How To Improve Indoor Air Quality With Houseplants

Houseplants to purify the airOrdinary houseplants are trending. That’s if you put them in the shower. Shower plants are a Pinterest thing. If that’s not your thing, houseplants anywhere in your house will do. They increase your whole home comfort for less by improving your indoor air quality.

Shower plants

Pinterest is full of decorating ideas for bathroom plants.

While you can put houseplants anywhere in your bathroom, the shower is the best place. The plants will get watered naturally whenever you shower, without any extra work.

Plus, plants grow well in the bathroom because of the moisture from the shower. Think of it like a mini rainforest. Let the plants absorb some of the natural humidity in the bathroom.

Your exhaust vent, if working properly, will take care of the rest of the moisture so mold doesn’t have a place to grow.

There’s another health benefit too. Less stress! Houseplants enhance the feel of your bathroom, making it more spa-like. We want our homes to be comfortable. With comfort comes happiness.

So how do you make your shower feel like a spa without paying spa prices? Planterra, a Michigan plant design business, suggests putting your plant in a shower caddy. Orchids are a great choice for the shower, and they fit perfectly in the shower caddy.

Houseplants purify indoor air

Now that your home is Instagram-worthy, what are the benefits of houseplants?

Some houseplants have a cooling effect, lowering your energy costs in the summer. Even more than that, they can improve indoor air quality.

While it’s difficult to see all the contaminants in the air we breathe, indoor air pollution is a top risk to our health. Studies by the Environmental Protection Agency show indoor pollution levels are 2 to 5 times higher than outdoor.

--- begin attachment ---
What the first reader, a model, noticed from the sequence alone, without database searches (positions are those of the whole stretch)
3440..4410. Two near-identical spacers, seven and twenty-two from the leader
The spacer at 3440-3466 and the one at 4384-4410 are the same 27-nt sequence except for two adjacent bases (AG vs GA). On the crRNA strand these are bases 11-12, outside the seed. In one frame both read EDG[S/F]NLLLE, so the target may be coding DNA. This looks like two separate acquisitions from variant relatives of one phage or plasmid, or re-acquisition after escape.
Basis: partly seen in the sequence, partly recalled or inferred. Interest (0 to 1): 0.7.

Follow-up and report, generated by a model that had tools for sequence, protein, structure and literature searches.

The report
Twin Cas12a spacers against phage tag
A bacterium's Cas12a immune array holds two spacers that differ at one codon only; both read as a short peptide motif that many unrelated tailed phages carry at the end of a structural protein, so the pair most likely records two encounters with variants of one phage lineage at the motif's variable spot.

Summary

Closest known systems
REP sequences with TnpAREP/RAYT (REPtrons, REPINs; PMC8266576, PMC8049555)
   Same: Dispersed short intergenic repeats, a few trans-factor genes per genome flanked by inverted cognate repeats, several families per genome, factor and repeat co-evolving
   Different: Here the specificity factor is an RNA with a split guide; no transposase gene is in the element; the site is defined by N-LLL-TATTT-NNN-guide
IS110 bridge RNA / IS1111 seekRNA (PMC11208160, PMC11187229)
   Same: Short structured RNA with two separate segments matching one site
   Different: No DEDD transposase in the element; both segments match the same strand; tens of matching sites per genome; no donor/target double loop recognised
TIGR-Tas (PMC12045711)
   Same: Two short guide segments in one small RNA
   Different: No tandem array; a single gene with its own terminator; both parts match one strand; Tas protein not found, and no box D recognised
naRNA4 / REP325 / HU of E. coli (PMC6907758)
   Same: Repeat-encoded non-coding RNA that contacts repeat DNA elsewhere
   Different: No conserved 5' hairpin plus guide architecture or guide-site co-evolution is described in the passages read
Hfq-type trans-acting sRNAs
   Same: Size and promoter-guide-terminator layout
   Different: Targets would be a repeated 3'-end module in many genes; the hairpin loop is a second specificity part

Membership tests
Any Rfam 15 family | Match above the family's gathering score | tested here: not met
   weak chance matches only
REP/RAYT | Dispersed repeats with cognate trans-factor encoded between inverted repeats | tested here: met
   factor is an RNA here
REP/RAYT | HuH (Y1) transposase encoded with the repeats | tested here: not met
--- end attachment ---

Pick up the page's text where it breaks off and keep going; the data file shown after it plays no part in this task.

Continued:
There are many ways to improve the air quality in your home. Look at the cleaning products you use, have a trained HVAC professional assess your ventilation system, and add houseplants to your living space.

According to a NASA study, houseplants reduce both indoor and outdoor air pollution. Think back to your grade school science class. Plants absorb carbon dioxide and release oxygen, which helps us breathe.

Researchers also found the plants absorb harmful contaminants found in the air. This includes formaldehyde and benzene.

Plant leaves absorb contaminants from the air and release them in their roots.

Plants also act as a natural humidifier. They release water vapor through their leaves which can raise the humidity level in your home. Some houseplants even absorb excess water in the air.

Healthy living with houseplants

There are a variety of house plants you can choose, each offering a different benefit. The University of Hawaii Extension Office has a full list of houseplants and their benefits.

While most of these plants improve indoor air quality, some also help cool your home in the summer.

Natural humidifier houseplants
  • Areca palm
  • Bamboo palm
  • Boston fern
  • Gerbera daisy
  • Kimberly queen fern
  • Peace lilly
Houseplants that perform well in low light
  • Corn plant
  • Dracaena
  • Dragon tree
  • Dwarf date palm
  • Rubber plant
  • Snake plant
Easy to grow houseplants
  • English ivy (also reduces mold)
  • Golden pothos
Houseplants that cool your home
  • Ficus
  • Aloe Vera

PlantNative can help you find the best native plants to add to your home.

So how many plants do you need to impact the air quality and temperature of your home? According to the University of Arizona Extension, to improve the air quality in an 1800 square foot house, you’d need 15 to 18 houseplants. Each one should range in size between 6 and 8 inches in diameter.

Make sure you check with your local nursery, as some plants may be dangerous to pets or young children if they are accidentally ingested.

Whether you put plants in your bathroom or living room, houseplants offer a lot of value for a small cost. They look nice and improve air quality at home.

Do you use houseplants at home to improve air quality?